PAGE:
New Panther Cowling, shown in pictures.


Below is a picture of Dan’s new Panther Cowl roughed in on the front of his prototype. He and Rachel did this work over a 7 hour stretch on Sunday. I stopped by their hangar and saw it at this stage. It looks even better in person. The interesting side of this story is the method that Dan selected to produce this cowl. In short, he started with a RV-3 cowl and a Cleanex nose bowl and a very good imagination because very few people could picture how he was going to bring those together on the front of a single place aircraft. If you follow the link at the bottom, you can see the actual step by step process. There is still a lot of work to go, but this part will have been vastly faster to make than a traditional cowl made of carved foam blocks or plaster.

Dan borrowed my mock up/ demo engine and put it on his mount with the intake and exhaust in place. It rests inside the cowl in the photos. For all the people who have some question as to how sleek a cowl can be made, note that this cowl houses our regular front starter set up. The spinner is the same Van’s 13″ unit we have used since 2003 and promote for use with our nosebowl. At a glance, this cowl may look something like an RV-3 or 4 cowl, but as you go through the photos you can see that Dan has narrowed it more than 6.” Keeping the formula that served him well in his highly successful Cleanex development, Dan is utilizing as much of proven Corvair as he can and keeping changes to an absolute minimum. The panther has it own mount, intake and exhaust, but these are just adaptations of  our systems long proven and flying on other aircraft. Obviously it will have its own cowl, but all other Corvair parts on the Panther installation are components right out of our existing catalogs of Parts. -ww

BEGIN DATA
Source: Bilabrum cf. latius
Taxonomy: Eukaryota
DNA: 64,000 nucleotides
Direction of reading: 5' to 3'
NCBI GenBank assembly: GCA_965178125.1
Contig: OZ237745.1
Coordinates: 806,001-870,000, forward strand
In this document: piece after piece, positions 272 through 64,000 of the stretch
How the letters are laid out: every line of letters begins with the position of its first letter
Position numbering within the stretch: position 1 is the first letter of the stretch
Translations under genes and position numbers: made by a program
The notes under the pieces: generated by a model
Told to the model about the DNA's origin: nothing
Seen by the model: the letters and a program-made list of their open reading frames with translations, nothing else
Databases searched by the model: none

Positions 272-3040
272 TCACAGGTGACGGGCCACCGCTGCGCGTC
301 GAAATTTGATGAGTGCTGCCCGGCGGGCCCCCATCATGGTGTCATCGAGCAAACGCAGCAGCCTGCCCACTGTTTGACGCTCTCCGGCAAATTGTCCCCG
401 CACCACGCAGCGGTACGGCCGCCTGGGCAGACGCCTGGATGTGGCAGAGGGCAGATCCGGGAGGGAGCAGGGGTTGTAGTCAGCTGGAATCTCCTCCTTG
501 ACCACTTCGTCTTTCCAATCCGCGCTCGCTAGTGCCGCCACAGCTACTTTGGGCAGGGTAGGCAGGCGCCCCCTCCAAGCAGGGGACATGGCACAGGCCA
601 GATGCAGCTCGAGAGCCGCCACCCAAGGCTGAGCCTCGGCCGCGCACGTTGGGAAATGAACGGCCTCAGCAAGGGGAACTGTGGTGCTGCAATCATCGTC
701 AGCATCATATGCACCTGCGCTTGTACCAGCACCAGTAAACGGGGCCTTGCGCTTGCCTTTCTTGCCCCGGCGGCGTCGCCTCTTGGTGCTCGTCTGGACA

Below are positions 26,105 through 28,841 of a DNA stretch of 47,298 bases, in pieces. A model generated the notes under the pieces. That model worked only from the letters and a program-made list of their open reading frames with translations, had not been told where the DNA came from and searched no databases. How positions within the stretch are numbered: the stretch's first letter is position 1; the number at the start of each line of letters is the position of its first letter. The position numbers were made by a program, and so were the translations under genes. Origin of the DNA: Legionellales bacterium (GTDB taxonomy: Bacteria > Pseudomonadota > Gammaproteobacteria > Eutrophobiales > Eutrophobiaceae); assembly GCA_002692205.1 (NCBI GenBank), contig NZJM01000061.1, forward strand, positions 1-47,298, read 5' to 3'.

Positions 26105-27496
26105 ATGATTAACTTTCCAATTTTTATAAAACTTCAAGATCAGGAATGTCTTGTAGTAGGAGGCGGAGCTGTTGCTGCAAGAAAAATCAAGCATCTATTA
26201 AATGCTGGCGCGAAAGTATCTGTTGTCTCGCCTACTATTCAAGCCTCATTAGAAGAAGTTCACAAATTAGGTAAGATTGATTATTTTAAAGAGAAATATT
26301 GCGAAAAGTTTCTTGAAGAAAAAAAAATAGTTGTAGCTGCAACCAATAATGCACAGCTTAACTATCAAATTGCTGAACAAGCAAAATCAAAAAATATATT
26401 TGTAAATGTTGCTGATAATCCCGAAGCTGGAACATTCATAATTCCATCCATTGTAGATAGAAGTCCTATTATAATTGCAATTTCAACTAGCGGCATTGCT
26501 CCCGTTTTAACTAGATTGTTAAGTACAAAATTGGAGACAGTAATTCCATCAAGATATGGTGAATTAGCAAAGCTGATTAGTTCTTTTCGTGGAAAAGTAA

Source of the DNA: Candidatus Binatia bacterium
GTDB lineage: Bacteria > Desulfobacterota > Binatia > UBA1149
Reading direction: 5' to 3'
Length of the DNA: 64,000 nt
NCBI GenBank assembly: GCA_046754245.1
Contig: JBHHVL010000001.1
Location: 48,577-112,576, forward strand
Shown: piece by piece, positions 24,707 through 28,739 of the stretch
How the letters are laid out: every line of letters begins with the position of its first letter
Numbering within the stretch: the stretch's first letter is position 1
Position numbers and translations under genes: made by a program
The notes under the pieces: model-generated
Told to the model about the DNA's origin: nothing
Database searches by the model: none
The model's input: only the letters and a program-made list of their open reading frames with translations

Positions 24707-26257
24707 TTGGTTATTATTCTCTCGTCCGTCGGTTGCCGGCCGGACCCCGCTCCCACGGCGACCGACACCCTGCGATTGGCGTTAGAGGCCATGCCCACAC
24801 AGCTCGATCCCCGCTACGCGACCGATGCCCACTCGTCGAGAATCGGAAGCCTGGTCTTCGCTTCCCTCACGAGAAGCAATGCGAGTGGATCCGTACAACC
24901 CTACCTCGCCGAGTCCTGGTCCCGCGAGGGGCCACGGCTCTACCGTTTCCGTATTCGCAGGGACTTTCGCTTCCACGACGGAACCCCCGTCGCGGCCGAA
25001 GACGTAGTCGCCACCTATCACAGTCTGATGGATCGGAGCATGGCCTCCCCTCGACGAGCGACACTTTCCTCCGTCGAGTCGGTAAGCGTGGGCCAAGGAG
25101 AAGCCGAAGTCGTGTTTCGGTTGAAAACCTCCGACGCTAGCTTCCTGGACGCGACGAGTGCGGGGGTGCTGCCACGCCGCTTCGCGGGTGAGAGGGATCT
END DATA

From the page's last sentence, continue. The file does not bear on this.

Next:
To see the whole sequence of photos, get a look at Dan and Rachel’s Panther blog: 

About William Wynne
I have been continuously building, testing and flying Corvair engines since 1989. Information, parts and components that we developed and tested are now flying on several hundred Corvair powered aircraft. I earned a Bachelor of Science in Professional Aeronautics and an A&P license from Embry-Riddle Aeronautical University, and have a proven 20 year track record of effectively teaching homebuilders how to create and fly their own Corvair powered planes. Much of this is chronicled at and in more than 50 magazine articles.

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